The Top 10 Deadliest U.S. Hurricanes
Sept. 2, 2004 -- Data from the National Oceanic and Atmospheric Administration show the deadliest hurricanes happened prior to 1950, before forecasters began to fully grasp the dangers of flooding, storm surge and other hurricane-related hazards.
Below are the top 10 deadliest hurricanes since 1900, as assessed by NOAA, as well as other hurricanes whose powerful, destructive impact is seared in memory.
Forecasters only began assigning hurricanes female names in 1950, and began alternating male and female names in 1979. Before 1950, fierce storms often came to be known by the names of the areas where they caused the most damage.
The 10 Deadliest Hurricanes
1. Galveston Hurricane, Year: 1900, U.S. Deaths: 6,000-12,000
By the time this storm reached the Texas coast south of Galveston late on Sept. 8, it was a Category 4 hurricane. After landfall, the cyclone turned northward through the Great Plains and then northeast, passing across the Great Lakes, New England and southeastern Canada.
This hurricane was the deadliest weather disaster in U.S. history. Storm tides of eight to 15 feet inundated the whole of Galveston Island, as well as other portions of the nearby Texas coast. These tides were largely responsible for the 8,000 deaths (estimates range from 6,000 to 12,000) attributed to the storm. The damage to property was estimated at $30 million.
2. San Felipe-Okeechobee Hurricane, Year: 1928, U.S. Deaths: 1,836
This classic Cape Verde hurricane (this refers to ones that develop near the Cape Verde Islands) was first detected over the tropical Atlantic on Sept. 10. It made landfall near Palm Beach, Fla., on Sept. 16 and turned north-northeastward over the Florida Peninsula, a motion that brought the remains of the storm to eastern North Carolina by Sept. 19.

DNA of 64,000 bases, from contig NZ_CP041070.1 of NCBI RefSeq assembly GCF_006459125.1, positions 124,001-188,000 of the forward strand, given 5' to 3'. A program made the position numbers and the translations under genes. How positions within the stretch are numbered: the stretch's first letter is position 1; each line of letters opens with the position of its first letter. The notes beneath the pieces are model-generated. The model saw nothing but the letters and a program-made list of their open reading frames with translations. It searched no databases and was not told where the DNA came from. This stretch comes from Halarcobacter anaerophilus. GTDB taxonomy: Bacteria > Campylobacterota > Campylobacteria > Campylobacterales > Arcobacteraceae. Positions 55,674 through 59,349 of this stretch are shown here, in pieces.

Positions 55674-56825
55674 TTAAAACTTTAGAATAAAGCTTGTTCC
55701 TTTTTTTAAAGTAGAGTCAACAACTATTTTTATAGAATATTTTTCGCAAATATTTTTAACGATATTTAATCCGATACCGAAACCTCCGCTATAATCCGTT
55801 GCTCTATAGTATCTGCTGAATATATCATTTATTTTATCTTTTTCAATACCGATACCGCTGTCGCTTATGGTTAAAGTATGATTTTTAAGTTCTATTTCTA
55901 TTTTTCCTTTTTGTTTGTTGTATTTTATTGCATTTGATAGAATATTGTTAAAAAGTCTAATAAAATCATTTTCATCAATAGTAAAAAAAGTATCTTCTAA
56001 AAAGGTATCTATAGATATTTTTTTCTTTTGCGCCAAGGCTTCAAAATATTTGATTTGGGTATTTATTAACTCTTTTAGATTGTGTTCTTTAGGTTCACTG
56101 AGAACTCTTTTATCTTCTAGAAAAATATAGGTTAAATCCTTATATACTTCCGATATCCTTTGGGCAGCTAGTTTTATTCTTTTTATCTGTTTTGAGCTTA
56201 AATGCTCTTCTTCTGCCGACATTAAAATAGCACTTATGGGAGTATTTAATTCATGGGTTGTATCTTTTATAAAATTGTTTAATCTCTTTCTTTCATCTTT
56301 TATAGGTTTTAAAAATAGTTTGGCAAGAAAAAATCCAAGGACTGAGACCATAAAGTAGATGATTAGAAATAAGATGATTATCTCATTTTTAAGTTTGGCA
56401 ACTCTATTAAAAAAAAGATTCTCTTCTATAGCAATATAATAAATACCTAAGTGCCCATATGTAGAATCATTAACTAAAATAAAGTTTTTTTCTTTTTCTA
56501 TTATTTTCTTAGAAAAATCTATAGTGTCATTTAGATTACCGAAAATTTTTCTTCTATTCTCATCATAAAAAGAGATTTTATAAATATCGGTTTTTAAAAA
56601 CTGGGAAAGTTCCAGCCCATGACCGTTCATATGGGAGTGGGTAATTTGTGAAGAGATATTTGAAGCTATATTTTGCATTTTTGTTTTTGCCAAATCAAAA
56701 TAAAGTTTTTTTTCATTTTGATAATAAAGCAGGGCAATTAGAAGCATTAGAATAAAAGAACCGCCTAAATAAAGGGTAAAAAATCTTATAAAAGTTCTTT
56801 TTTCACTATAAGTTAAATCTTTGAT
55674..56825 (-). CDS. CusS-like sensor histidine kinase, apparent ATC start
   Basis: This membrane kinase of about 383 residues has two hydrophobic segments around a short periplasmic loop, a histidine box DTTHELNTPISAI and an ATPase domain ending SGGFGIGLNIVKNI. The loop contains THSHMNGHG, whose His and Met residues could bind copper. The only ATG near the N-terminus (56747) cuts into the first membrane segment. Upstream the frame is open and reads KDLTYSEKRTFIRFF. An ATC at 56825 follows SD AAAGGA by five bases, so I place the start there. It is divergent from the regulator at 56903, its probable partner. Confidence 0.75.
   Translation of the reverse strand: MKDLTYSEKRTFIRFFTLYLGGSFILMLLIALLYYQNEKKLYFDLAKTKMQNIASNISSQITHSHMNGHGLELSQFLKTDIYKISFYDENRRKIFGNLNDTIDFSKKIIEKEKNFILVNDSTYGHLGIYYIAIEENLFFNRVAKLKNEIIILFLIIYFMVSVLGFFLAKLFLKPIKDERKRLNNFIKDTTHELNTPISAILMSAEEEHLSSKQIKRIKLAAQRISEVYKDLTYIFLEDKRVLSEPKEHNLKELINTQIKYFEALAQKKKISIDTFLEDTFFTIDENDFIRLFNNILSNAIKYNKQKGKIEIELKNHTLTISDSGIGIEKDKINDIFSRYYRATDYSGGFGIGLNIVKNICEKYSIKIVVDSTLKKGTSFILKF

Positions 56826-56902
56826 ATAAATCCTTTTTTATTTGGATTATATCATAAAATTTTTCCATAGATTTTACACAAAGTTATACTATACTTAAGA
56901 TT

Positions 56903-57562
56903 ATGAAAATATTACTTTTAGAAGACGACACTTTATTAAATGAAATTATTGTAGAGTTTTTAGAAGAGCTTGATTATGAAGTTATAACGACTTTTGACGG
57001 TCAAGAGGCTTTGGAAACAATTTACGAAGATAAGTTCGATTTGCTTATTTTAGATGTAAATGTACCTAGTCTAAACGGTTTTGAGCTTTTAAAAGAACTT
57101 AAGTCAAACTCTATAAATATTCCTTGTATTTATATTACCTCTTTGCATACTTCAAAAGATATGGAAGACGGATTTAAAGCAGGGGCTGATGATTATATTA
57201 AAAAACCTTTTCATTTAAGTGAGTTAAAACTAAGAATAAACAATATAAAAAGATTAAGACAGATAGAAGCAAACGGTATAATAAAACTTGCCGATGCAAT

It is estimated to be the fourth-strongest hurricane on record to hit the United States and caused heavy casualties and extensive destruction along its path from the Leeward Islands to Florida. The worst tragedy occurred at inland Lake Okeechobee in Florida, where the hurricane caused a lake surge of six to nine feet that inundated the surrounding area. A total of 1,836 people died in Florida, mainly due to the lake surge. Damage to property was estimated at $25 million.
3. Atlantic-Gulf Hurricane, Year: 1919, U.S. Deaths: 600-900
This fearsome storm was first detected near the Lesser Antilles on Sept. 2. By the time it passed just south of Key West, Fla., it was a large hurricane of Category 4 intensity. A continued west to west-northwestward motion brought the center to the Texas coast south of Corpus Christi as a Category 3 hurricane on Sept. 14.
This storm, estimated to be the third most intense to hit the United States, occurred over the Florida Keys and the central and south Texas coast. A storm surge of up to 12 feet inundated Corpus Christ, Texas, causing major damage to the coastal areas. The death toll was estimated at 600 to 900 people. Of these, more than 500 were lost on 10 ships that either sunk or were reported missing. Damage in the United States was estimated at $22 million.
4. New England Hurricane, Year: 1938, U.S. Deaths: 600
The "Long Island Express" was first detected over the tropical Atlantic on Sept. 13. By the time it landed over Long Island and Connecticut on Sept. 20 it was a Category 3 hurricane.